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Central bank demand is massive, but institutions, retail, and rate cuts will push gold rally even further – UBP

Central bank purchases continue to push gold prices to new highs, but the surge in interest from investors and the rate cuts on the horizon mean the rally isn’t overdone, according to a new report from Geneva-based wealth management firm Union Bancaire Privée (UBP).

The analysts noted that there were several drivers behind the powerful rally last month, which took gold to a string of all-time highs, most recently well above $2,200 per ounce.

“First, inflows towards the financial gold market (XAU/USD) surged, and there was a notable increase in long futures positioning, suggesting that institutional investors had increased their exposures towards the yellow metal,” they wrote. “Second, central banks continued to aggressively purchase physical gold and the latest data show heavy purchases since the beginning of the year of around 40 tonnes per month.”

UBP believes these central bank purchases are having “a material impact on the market,” noting that the World Gold Council believes 15% of gold’s price is due to ongoing central bank buying. “This trend is likely to continue over the coming months and years, as central banks move to increase their gold reserves,” they said.

The third factor is the impact of retail investors increasing their stakes in gold ETFs. They pointed out that while most of this happened after the lion’s share of gold’s gains, it still bodes well for gold prices going forward. “This widening of the investor base implies that this move has further to run,” they wrote. “We note that retail investors remain underinvested compared with historical averages.”

Central banks will also begin driving gold demand higher through cuts to their benchmark interest rates, which are expected to begin in the coming months. “The latest indications are that central banks will have a front-loaded rate-cutting cycle, meaning that nominal rates will decline substantially this year,” they said. “The coincidental and rapid decline in global inflation dynamics, combined with a front-loaded rate-cutting cycle from many of the major central banks, is a highly constructive development for gold. This explains the rapid upward move to levels above USD 2,200 per oz.”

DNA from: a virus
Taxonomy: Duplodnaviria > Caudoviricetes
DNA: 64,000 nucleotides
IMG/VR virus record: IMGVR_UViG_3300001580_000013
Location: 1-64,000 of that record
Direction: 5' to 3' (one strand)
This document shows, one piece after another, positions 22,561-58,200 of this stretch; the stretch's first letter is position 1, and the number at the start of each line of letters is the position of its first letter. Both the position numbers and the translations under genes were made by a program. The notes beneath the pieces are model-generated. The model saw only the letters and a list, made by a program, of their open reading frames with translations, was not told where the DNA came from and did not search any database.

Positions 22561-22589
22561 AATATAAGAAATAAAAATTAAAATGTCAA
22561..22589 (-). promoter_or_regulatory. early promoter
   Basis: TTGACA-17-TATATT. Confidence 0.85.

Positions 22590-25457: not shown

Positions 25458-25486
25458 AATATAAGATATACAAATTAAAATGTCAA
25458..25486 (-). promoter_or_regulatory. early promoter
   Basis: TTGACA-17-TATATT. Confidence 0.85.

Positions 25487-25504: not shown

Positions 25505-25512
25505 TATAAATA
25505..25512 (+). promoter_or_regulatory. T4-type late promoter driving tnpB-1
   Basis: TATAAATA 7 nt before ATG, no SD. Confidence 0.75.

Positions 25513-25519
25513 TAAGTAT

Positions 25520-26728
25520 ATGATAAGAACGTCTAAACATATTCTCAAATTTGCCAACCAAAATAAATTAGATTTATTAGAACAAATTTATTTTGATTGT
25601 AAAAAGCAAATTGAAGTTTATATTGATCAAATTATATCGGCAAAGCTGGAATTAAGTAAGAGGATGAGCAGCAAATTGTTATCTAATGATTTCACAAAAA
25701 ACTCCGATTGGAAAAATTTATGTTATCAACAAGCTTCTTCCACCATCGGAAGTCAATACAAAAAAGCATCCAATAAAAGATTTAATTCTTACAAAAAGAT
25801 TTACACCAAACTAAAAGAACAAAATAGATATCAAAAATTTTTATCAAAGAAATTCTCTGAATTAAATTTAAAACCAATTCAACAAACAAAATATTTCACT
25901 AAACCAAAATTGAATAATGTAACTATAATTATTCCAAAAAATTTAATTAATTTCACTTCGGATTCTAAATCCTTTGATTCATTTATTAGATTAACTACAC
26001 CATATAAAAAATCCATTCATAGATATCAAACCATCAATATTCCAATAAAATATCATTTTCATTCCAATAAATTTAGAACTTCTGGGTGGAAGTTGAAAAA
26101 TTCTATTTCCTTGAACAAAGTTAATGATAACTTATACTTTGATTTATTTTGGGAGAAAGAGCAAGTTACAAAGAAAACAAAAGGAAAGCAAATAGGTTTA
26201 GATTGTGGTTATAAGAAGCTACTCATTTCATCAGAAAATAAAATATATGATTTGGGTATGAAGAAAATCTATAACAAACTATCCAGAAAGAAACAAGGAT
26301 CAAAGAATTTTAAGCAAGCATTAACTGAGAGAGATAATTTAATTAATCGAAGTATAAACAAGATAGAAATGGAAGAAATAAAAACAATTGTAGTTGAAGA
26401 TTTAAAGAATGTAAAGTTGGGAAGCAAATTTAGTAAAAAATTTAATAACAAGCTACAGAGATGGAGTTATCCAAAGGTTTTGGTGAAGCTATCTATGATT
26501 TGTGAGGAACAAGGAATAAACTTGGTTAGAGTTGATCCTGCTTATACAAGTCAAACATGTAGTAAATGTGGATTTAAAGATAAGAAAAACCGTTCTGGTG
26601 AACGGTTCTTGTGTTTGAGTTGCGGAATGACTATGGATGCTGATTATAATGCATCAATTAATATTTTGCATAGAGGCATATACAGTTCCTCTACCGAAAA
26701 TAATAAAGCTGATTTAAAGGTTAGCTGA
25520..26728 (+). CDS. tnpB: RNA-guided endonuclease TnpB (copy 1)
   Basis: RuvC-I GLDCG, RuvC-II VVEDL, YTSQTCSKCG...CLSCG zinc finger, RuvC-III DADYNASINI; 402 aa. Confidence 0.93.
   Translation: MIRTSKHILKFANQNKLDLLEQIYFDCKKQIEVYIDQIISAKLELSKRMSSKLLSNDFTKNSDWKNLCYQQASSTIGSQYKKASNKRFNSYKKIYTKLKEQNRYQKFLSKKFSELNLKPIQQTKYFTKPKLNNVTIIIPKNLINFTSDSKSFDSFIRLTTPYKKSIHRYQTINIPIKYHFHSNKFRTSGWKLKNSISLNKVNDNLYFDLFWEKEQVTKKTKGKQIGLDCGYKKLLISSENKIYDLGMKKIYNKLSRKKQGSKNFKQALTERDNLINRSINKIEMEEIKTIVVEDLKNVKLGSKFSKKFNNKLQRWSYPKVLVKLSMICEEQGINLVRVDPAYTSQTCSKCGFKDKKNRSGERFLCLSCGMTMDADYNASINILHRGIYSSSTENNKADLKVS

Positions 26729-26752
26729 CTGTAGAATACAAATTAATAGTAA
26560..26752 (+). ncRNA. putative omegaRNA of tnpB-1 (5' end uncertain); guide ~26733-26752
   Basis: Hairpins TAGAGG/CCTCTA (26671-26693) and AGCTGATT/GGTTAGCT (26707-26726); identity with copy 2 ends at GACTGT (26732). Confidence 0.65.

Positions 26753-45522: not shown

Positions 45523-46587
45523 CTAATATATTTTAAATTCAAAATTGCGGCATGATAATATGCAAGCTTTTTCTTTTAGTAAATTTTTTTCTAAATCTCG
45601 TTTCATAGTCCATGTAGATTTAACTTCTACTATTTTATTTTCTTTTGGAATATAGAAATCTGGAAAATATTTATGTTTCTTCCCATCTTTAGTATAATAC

Looking ahead at the second half of 2024, UBP analysts have identified two additional factors which could drive gold higher still. “First, the US presidential election campaigns will likely serve to highlight excessive debt levels in the US, and increasing concerns about US fiscal sustainability will be beneficial for gold in our view,” they wrote. “Second, we think that geopolitical risks will remain elevated and any worsening in relations between the major powers will give an upside skew to gold prices.”

The only reservations they have about gold’s potential for further gains are related to the speed and scale of gold’s move to date. “[Gold] currently trades with an enormous premium to ten-year Treasury Inflation-Protected Securities (TIPS) yields, which we view as a proxy for forward-looking real interest rates,” they said. “This large premium could contract if TIPS yields fall over the coming months, which is feasible if the Federal Reserve begins to cut interest rates. This means that forthcoming Consumer Price Index (CPI) prints in the US will be highly important. If CPI readings show some moderation on a monthly basis, we can expect that gold will trade at or slightly higher than current levels.”

“Overall, we maintain a constructive stance on gold, and any dip below levels of around USD 2,100 per oz is a strong buying opportunity in our view,” they wrote. “Over the longer term, a move towards levels of around USD 2,300 per oz is feasible.”

Spot gold last traded at $2,234.94 per ounce at the time of writing, up 0.07% on the day but only $30 below last week’s all-time high.

Source: Ernest Hoffman Kitco